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How To Protect Yourself From The Next Bubble

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By Alyce Barry

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"I think in hindsight, it's easy to see there was a bubble. But you know, when you're at a party having a good time, sometimes it's hard to stop and leave the party." — Michael Petrucelli, Senior VP, Lehman Brothers
In September 2006, in issue #16 of this newsletter, Shadow Work® founder Cliff Barry wrote for the first time publicly about a new model he'd been developing for some time.

As Cliff said in that article, the Shadow Work® Model he developed in the early 1990s is a space model. That is, it divides the "space" inside the human psyche into four regions, or archetypal energies: the Magician, the Sovereign, the Lover and the Warrior. The Model offers a facilitation map with four directions, similar to the maps we use to navigate physical space.

But human beings don't operate only in space: they operate also in time. Cliff's new model is a time model that divides the growth cycle of an individual or a group into seven steps or phases. During each of those seven phases, the individual or group moves back and forth between two archetypes in a motion that looks like a loop. When you've got four archetypes, there are six possible loops. The Six Loops Model offers a map for understanding cycles of growth. When the two models are used together, it becomes possible to help a group that's stuck in a certain phase to get unstuck.


This week, I was watching an episode of the PBS show Frontline called "Inside the Meltdown" when I realized that the person quoted above, who worked for the now-bankrupt investment bank Lehman Brothers, was referring to Phase Four of the cycle. Which meant that what we call a "bubble" is one way to describe what inevitably happens during that phase of every growth cycle.

Normally, when I talk about a growth cycle, I'm talking about personal, emotional, or spiritual growth. As an investment bank, Lehman Brothers was interested in financial growth. Political entities like the United States are interested in growth, too: growth in wealth, certainly, as well as growth in security, reputation, influence, and so on. The growth of a nation is often considered "progress." I think most people like to believe that the actions we take as a community, a nation, and a world make progress toward a better world and a brighter future.

Which brings me to the mortgage crisis. I think most people believed, as the "housing bubble" grew, that we were making progress toward home ownership and prosperity.

If I'm correct, that a "bubble" is what happens in Phase Four of every cycle, then bubbles are inevitable.

That doesn't mean, however, that we can't protect ourselves from their impact. The way to do that, I believe, is to understand how and why bubbles develop, by understanding all the phases of the growth cycle.

This article will, of necessity, provide the briefest of snapshots of the Six Loop Model.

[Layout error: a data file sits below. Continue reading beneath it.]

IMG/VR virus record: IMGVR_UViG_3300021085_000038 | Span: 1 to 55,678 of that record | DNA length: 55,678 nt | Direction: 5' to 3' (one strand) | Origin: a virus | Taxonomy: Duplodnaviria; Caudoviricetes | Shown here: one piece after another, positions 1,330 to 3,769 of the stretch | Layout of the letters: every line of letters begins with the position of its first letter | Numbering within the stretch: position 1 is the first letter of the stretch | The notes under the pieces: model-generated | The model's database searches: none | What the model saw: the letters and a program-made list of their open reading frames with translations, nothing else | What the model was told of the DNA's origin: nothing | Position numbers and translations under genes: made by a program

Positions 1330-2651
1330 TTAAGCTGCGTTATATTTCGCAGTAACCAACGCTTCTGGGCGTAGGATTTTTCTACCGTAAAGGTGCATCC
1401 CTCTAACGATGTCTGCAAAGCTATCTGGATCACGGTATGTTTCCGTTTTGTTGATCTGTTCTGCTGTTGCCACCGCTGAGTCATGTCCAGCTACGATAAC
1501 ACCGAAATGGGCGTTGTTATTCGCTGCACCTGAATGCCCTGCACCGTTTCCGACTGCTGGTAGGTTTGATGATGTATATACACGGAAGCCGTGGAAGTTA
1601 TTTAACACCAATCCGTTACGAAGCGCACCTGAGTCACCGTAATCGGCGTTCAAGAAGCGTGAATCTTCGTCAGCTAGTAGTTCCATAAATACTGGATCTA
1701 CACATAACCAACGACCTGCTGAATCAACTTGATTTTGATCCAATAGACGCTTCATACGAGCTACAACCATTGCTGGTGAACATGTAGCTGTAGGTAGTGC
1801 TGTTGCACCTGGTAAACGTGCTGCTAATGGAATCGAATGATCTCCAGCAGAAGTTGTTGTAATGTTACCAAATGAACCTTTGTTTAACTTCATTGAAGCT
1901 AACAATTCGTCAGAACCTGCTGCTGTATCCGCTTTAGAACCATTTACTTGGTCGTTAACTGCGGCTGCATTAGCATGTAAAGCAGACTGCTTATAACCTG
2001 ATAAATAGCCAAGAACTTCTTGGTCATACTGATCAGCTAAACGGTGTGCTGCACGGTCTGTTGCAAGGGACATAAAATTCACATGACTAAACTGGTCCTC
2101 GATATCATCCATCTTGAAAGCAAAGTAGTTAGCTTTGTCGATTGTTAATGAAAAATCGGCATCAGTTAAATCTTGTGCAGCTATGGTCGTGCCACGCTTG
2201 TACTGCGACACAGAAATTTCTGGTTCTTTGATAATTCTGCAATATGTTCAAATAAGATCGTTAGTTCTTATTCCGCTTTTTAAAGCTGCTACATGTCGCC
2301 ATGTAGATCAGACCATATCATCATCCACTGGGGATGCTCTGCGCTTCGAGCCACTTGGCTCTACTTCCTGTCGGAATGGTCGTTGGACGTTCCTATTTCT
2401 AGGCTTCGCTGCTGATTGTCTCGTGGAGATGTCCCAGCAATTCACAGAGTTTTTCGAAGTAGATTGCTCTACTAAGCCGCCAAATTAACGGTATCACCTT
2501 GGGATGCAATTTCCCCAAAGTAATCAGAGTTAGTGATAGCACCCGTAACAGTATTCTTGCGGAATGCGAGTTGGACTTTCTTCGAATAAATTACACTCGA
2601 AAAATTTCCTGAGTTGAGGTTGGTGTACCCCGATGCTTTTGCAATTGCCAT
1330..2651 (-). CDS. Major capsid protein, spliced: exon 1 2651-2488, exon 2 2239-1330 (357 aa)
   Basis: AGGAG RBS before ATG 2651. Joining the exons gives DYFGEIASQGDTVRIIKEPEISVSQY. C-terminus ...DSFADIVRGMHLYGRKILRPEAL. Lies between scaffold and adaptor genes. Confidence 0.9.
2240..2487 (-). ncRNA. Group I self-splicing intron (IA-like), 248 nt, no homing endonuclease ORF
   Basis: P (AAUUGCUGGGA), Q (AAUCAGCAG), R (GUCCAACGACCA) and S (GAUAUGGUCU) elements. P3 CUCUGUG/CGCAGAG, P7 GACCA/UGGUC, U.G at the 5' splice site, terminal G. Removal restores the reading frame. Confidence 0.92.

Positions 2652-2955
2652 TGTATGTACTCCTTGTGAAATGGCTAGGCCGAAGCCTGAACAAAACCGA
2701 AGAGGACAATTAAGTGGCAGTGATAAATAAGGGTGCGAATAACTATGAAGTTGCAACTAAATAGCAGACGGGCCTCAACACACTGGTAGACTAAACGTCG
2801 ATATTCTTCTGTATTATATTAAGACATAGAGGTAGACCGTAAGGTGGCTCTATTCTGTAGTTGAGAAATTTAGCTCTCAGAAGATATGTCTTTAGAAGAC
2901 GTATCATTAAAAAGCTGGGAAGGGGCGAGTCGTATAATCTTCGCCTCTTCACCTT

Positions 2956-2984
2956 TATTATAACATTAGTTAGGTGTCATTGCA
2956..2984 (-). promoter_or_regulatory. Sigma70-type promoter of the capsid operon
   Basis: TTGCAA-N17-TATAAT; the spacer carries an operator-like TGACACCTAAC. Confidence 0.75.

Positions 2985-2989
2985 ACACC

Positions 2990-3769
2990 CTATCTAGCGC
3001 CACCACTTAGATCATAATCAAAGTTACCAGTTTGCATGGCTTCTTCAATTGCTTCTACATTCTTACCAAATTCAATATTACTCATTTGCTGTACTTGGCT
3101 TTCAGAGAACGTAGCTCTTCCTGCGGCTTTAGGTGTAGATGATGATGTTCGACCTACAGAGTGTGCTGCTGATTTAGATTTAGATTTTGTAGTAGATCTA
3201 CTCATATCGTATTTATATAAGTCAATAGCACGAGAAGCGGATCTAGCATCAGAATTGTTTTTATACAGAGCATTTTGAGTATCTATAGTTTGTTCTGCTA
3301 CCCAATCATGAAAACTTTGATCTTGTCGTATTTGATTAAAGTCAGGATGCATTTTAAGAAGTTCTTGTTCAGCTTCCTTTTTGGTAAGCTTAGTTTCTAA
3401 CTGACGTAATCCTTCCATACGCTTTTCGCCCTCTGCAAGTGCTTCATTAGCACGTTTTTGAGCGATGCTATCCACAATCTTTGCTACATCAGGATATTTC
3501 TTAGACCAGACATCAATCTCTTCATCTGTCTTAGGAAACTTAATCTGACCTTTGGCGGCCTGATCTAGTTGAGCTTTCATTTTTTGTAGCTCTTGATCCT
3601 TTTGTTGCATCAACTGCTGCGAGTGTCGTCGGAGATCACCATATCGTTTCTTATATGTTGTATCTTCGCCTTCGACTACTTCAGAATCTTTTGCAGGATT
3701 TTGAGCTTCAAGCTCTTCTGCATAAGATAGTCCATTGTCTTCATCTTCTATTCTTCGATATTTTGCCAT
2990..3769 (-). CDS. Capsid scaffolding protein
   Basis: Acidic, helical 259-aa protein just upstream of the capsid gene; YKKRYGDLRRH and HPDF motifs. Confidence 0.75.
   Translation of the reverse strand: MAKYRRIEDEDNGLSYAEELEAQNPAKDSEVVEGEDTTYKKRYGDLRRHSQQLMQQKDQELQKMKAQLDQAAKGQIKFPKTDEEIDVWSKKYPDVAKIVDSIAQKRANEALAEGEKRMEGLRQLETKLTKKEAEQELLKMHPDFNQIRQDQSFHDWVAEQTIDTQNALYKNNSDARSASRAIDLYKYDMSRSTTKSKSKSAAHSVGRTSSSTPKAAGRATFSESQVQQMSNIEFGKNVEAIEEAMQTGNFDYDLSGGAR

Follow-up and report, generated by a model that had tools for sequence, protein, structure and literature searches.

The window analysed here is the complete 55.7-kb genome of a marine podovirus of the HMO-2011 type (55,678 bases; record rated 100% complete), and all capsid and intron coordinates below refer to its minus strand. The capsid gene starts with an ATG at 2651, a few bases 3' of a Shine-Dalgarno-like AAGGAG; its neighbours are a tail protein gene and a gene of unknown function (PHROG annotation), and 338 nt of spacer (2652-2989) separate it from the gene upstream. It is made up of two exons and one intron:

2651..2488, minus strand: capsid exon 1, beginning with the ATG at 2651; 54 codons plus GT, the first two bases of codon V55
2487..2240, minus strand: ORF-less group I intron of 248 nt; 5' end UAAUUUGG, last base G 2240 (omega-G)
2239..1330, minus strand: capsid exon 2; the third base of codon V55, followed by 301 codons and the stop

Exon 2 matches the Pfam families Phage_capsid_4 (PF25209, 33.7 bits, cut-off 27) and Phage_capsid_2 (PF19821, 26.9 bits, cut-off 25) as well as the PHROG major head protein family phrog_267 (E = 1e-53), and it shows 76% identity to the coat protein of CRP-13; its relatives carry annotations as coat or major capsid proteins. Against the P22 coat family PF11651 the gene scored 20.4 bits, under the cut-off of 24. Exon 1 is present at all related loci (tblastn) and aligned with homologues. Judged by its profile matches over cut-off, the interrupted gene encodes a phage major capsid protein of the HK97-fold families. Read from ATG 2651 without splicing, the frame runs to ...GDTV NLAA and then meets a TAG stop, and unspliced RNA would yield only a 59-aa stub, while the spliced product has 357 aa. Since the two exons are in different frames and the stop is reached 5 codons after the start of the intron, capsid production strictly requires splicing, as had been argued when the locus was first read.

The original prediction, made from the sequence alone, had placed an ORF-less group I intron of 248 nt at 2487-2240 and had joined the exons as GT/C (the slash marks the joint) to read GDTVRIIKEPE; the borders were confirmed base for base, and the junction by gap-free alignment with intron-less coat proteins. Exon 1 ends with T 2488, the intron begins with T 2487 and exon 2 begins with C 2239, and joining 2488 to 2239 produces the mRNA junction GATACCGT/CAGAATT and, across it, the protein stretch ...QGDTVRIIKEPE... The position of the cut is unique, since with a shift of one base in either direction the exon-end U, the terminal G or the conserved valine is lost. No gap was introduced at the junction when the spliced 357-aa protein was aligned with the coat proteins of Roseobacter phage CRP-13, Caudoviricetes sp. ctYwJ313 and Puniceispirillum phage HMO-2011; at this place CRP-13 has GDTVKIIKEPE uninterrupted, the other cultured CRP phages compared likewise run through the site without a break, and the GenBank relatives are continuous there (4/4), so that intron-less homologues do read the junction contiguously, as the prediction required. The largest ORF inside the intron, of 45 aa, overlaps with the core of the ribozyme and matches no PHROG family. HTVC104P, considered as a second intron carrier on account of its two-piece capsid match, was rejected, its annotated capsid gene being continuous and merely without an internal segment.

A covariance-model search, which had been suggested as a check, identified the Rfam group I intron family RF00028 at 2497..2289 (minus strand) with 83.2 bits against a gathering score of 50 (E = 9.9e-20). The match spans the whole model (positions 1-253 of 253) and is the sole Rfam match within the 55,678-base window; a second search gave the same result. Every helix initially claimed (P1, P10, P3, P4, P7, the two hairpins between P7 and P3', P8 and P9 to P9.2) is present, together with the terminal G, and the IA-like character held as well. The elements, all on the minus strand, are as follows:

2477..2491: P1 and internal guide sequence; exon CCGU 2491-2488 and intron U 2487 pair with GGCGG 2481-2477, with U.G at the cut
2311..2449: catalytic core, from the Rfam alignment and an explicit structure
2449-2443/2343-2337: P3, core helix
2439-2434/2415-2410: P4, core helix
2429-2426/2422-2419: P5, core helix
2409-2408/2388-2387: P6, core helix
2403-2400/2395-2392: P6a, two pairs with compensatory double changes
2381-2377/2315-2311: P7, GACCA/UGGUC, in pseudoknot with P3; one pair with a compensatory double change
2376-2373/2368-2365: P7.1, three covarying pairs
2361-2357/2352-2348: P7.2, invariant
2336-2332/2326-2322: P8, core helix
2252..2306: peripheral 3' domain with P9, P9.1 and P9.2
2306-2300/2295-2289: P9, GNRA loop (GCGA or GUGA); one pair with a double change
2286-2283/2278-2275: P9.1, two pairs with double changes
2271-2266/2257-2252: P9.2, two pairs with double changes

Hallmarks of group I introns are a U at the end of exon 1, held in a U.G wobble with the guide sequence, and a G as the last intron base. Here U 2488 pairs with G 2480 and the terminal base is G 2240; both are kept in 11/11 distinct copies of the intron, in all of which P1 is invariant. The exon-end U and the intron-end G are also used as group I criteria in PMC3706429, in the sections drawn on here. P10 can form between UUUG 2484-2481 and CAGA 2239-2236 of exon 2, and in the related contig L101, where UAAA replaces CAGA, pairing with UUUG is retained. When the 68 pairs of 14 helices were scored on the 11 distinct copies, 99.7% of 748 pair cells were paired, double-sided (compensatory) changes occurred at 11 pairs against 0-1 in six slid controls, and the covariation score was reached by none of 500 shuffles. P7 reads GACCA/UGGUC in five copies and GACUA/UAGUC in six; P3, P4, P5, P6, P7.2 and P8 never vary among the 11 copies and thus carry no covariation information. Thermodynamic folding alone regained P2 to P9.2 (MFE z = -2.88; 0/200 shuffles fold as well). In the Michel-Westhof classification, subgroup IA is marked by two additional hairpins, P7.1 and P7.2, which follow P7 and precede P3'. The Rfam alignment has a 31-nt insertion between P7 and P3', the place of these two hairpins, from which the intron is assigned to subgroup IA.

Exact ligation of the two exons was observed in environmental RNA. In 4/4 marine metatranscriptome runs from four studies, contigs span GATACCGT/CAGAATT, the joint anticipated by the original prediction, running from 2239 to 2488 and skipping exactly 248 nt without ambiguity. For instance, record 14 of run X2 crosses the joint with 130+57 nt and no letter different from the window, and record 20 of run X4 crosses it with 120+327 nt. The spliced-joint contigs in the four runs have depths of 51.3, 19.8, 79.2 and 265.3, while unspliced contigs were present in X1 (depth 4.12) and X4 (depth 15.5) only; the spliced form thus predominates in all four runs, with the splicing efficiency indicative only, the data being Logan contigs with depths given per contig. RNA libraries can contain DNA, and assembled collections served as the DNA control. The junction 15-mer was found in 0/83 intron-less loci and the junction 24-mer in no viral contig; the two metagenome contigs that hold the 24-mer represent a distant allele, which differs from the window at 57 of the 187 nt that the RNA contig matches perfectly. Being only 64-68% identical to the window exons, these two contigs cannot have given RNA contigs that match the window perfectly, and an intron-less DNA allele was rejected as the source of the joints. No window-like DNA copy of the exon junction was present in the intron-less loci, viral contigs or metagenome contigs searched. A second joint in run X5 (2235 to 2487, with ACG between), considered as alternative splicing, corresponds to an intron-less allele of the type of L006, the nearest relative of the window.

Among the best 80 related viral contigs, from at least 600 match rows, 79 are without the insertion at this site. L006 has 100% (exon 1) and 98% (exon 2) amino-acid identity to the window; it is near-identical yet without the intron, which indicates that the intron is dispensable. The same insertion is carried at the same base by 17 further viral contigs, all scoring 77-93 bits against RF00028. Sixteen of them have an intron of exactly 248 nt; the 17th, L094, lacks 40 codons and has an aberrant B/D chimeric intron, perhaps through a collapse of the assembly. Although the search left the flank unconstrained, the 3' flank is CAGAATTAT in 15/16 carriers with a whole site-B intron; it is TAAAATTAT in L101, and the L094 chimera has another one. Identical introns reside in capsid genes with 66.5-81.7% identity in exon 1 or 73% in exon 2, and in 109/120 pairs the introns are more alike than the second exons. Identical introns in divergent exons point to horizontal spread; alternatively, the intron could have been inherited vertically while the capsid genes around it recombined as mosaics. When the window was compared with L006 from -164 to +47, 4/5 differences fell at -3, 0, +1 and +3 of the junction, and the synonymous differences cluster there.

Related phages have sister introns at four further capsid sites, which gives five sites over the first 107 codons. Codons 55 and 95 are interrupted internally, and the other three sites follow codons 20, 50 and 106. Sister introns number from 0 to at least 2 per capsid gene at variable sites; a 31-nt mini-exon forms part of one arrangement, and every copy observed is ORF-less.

Words that describe Phase One include Support, Inspiration, Vision, and Hope.

In Phase One, we get an inspiring idea that offers a new vision of how life could be. We are so inspired that we idealize that vision, and our inspiration motivates us to move ahead with it. In order to be willing to move forward, however, we must ask for what we want and put our hopes on the line, which requires a degree of vulnerability. Phase One is a loop between the idealization and motivation of Sovereign energy and the vulnerability of Lover energy.

In the case of the housing bubble, Phase One happened when mortgage rates were low, real estate values were rising, and more and more people seemed capable of qualifying for a home mortgage. Mortgage lenders had a vision of selling mortgages to nearly everyone. Prospective buyers had a vision of life being better by owning a home.

"Hey, look, it costs almost nothing to own a home!"
"Hey, maybe real estate values will always go up!"
"Hey, maybe everybody can own a home, even if they don't have much income!"
"Hey, maybe owning a home can offer not just security but significant wealth!"


Words that describe Phase Two include Safety, Container, Guidelines, and Trusting Relationships.

In Phase Two, we begin to figure out how to make the vision a reality, by forming the necessary relationships that will nurture the vision and developing strategies to keep us safe. We try out new relationships, see how they feel, figure out how to make them safe enough, and open ourselves to change so that we can proceed. Phase Two is a loop between the vulnerability of the Lover energy to risk and change, and the objective analysis and strategizing of Magician energy.

In the case of the housing bubble, Phase Two happened when investment firms figured out which financial tools and strategies could make it possible to offer mortgages to just about anyone. Magician energy offered a variety of alternatives to the traditional 30-year mortgage with 20% down payment: ARMs, subprime rates, credit default swaps, and so on.